not leukoreduced. The major impetus for Vanderbilt to move to ULR
was a study trial published in December 1997 that found no significant
advantage to giving patients single-donor platelets compared with
random-donor platelets as long as the platelets are leukoreduced.
"Once technology has caught up so that random-donor platelets
are more and more like single-donor platelets, that begs the question
associated with increased cost," Dr. Neff says. When the hospital
turned to the less expensive platelets product, "the money we saved
paid for the additional expense associated with red cells." Other
savings derived from not having to have two inventories of blood
products or keep filters in stock, and from using leukoreduction
as the equivalent of CMV-safe blood, she adds.
The question of how blood safety measures will be reimbursed,
of course, goes beyond ULR. MacPherson of America’s Blood Centers
points out there is a two- to three-year delay in adjustments to
Medicare and Medicaid payments under the DRG system, where most
transfusions take place. That means more trouble in the future,
he predicts. "Most of the new technology that’s coming down the
pike is going to be a whole lot more expensive. Technologies in
the future, like viral inactivation, are going to double or triple
the price of blood. So you can’t have a two- to three-year delay
when you try to talk about that."
Melissa McMillan, associate director of public relations for America’s
Blood Centers, says blood centers support a formal FDA rule on ULR
rather than a standard-of-care approach, in part because of reimbursement.
"When it comes to getting reimbursed by the Health Care Financing
Administration, having something just be standard of care is not
good enough." Since ULR is not included in the "market basket" used
to calculate hospitals’ DRG rates under prospective payment, blood
centers have been intensively lobbying Congress to adequately reimburse
hospitals for blood products.
Last December, when the Balanced Budget Refinement Act of 1999
was passed, the ABC, the American Association of Blood Banks, and
the American Red Cross were successful in getting specified outpatient
payment classifications (APCs) to cover blood, with reimbursement
amounts pegged to cost data provided by the blood groups. The inpatient
setting is not yet taken care of and still requires congressional
action. But now, said the FDA’s Dr. Epstein at the December workshop,
since HCFA has created a fee schedule for outpatient reimbursement,
"it is at least possible for blood centers to argue to hospitals
that the real cost of providing an inpatient unit is not less."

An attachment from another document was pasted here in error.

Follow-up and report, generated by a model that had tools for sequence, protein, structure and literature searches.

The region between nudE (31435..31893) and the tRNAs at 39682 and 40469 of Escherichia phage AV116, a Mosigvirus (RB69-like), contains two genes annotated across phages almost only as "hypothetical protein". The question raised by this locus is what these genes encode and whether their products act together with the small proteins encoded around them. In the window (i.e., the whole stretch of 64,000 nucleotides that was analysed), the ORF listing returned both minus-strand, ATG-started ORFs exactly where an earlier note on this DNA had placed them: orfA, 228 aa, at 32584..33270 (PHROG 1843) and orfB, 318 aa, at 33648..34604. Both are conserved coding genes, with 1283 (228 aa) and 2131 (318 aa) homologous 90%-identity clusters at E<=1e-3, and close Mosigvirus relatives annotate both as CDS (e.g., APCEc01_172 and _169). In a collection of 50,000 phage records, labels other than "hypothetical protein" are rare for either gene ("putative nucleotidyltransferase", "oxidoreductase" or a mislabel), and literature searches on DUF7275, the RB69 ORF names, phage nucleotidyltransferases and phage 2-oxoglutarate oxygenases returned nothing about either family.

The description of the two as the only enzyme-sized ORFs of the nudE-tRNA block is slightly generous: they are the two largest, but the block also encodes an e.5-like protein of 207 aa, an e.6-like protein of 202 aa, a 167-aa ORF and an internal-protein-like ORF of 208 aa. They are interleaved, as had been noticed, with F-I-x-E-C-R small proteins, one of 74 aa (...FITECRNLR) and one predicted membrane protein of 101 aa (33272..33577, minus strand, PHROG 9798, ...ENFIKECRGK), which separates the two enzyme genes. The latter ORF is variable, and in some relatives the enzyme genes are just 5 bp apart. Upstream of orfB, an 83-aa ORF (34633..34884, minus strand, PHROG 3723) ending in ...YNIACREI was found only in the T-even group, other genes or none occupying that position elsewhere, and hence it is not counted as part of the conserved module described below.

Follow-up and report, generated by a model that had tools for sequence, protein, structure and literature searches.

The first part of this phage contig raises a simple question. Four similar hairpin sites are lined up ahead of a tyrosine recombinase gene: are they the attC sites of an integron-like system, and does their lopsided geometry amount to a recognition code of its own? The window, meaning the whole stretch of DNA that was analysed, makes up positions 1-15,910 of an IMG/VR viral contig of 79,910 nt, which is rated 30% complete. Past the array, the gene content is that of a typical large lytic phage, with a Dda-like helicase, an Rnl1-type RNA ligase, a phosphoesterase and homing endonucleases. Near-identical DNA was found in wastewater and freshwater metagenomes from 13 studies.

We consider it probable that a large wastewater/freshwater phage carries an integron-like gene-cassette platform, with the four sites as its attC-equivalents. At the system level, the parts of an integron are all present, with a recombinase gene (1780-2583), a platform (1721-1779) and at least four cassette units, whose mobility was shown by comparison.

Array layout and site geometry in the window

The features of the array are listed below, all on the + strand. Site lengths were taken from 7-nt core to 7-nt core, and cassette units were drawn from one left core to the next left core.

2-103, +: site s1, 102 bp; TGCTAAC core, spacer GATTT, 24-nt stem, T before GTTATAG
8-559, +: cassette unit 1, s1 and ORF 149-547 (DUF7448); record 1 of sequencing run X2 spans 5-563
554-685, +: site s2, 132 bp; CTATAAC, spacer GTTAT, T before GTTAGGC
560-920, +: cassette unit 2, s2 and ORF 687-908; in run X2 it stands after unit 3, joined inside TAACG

Inadequate reimbursement has become even more pressing in the last
year, McMillan adds, because up to now there have been small changes
in the cost of blood. For that reason, blood centers are also seeking
a long-term solution: a system that would set aside money to pay for
any new screening procedures blood suppliers must adopt.
Many supporters of ULR concur with opponents that without mad-cow
disease (transmissible spongiform encephalopathy) and the human
version, variant Creutzfeldt-Jakob Disease (vCJD), the concept of
ULR would never have reached critical mass. There has been no known
human case of vCJD contracted via blood transmission. ("And I imagine
if there were a human case the Internet would go ablaze," Dr. Shulman
says.) However, a recent Lancet article on transmission of TSE by
transfusion in sheep (Lancet. 2000;356:999-1000) has triggered a
flurry of discussion. As there is no evidence that leukocyte reduction
would prevent prion transmission in any case, even the Lancet article
is not compelling for ULR to prevent prion transmission.
Nevertheless, many western European nations, including Great Britain,
Austria, Germany, France, Portugal, Switzerland, and Ireland, have
imposed ULR because of vCJD. Canada, too, imposed ULR, and a large
factor there, Dr. Silver says, was a rash of hepatitis cases, blamed
on the government. "Canada was stung when they didn’t get in early
enough on hepatitis. As a result they’re gun-shy, so they’re going
in much more quickly" on new blood safety measures, he says.
Although there were scientific concerns, the political force spurring
the field has been concern about transmission of vCJD. "And I think
most people probably would agree that transmission of vCJD is unaffected
by leukoreduction," says Dr. Snyder.
"Nothing much would be happening now except for one thing, which
is that new variant CJD in Europe may be transmissible by transfusion,"
Dr. Blumberg contends. "We don’t think it’s likely, but we can’t
prove that, and there was some data that unlike CJD, the infectious
protein particle, the prion, was present in lymphocytes, so somebody
got the idea leukocyte reduction could reduce the risk. I don’t